Innovative photographic technique reveals hidden detail in historic inscriptions
7 May 2014
A central aim of the Quarantine Project is to develop a detailed inventory of all known historic inscriptions at the North Head Quarantine Station. In order to document this unique heritage archive as comprehensively as possible, we have enlisted a number of recording techniques including mapping, photography, drawing, 3-D laser scanning and tracing. In addition to the more conventional methods of daylight photography, we have recently trialled a technique called polynomial texture mapping (PTM). Researchers Pam Forbes and Greg Jackson joined the field team specifically for this recording exercise and spent 6 sunrises and sunsets recording as many inscriptions as possible using their specially developed equipment.
Polynomial texture mapping is an image-capture and processing technique that utilises a compilation of multiple digital photographs acquired from a single camera position. The process involves lighting the subject (in our case an inscription) with an artificial light source that is adjusted over 24 different angles. A photograph is taken when the light is in each of the 24 positions, so that a variety of lighting conditions are simulated. The key to this technique is that the artificial light system has to be brighter than the ambient light, hence the need to record the inscriptions at dawn and dusk. Using freeware developed by Hewlett Packard Labs, these photographs are combined to create a composite image file in which the illumination can be adjusted interactively. This effectively means that the inscription can be viewed under a variety of lighting conditions and angles.
Although it may sound complex, the technique is actually quite easy to use once a consistent workflow is established. Knowing that some of our inscriptions occur on the vertical plane while others are horizontal, Pam and Greg developed a toolkit that allowed them to test the technique on both. The lighting system that they created had the benefit of being relatively light and portable so that it could be carried in the field. This comprised a rope framework with the eight lighting positions marked onto it. In addition, a three-part light stand allows the light to be cast at an angle of 14, 30 or 60 degrees. This allows for 24 different photographs to be taken of the single subject while the camera remains stationary on a tripod. The shutter of the camera is operated with a radio remote control to minimise any shake or movement that would result in blurring.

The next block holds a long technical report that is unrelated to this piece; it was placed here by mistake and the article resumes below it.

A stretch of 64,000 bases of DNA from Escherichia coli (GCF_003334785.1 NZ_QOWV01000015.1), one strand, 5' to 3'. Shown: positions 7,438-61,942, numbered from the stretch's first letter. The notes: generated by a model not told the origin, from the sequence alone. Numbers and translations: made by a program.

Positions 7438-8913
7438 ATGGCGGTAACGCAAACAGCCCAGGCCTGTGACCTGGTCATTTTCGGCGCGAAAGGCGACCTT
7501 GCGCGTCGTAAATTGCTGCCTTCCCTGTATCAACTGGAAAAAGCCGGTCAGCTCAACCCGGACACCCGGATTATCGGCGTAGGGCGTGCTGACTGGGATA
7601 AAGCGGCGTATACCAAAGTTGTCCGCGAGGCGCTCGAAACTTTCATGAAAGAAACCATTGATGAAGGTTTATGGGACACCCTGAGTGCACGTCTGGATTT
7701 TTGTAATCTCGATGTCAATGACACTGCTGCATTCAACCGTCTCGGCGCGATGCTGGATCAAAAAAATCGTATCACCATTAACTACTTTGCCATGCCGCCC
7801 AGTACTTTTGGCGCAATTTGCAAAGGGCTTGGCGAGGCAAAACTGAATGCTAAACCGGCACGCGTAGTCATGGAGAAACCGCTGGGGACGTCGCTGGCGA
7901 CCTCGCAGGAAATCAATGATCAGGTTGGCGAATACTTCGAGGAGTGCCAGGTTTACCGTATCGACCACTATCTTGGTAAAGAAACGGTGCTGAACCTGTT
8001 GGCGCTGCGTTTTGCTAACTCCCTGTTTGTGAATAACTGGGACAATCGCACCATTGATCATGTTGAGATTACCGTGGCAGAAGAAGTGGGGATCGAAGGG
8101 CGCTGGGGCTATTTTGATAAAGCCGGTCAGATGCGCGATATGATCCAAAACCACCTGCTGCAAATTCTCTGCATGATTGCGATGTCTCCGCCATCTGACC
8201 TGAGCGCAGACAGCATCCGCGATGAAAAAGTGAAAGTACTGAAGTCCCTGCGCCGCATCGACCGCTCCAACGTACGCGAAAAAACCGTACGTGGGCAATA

All in all, the PTMs that resulted from this trial were quite impressive. After viewing some inscriptions using the PTM software, we were able to make out letters and words that were barely visible to the naked eye. Additional benefits of the software such as enhancement filters and the capacity for taking ‘snapshots’ gave us the opportunity to see these inscriptions in a new light. This is particularly evident when we compare snapshots taken from the PTMs against photographs taken under normal or raked daylight conditions.
A notable example is one of the striking pictographic inscriptions recorded on a slate drain cover. Prior to the application of the PTM process we had not observed the faint hairs indicating a moustache on the British man pictured. After viewing the PTM we were able to discern small lines and a cravat, that were much harder to make out under natural daylight.
| Smyrna inscription in normal daylight
| Smyrna inscription enhanced by
a snapshot of PRM rendering
Headstone detail recaptured by PTM
| Revealing careful inscription work
on a slate drain cover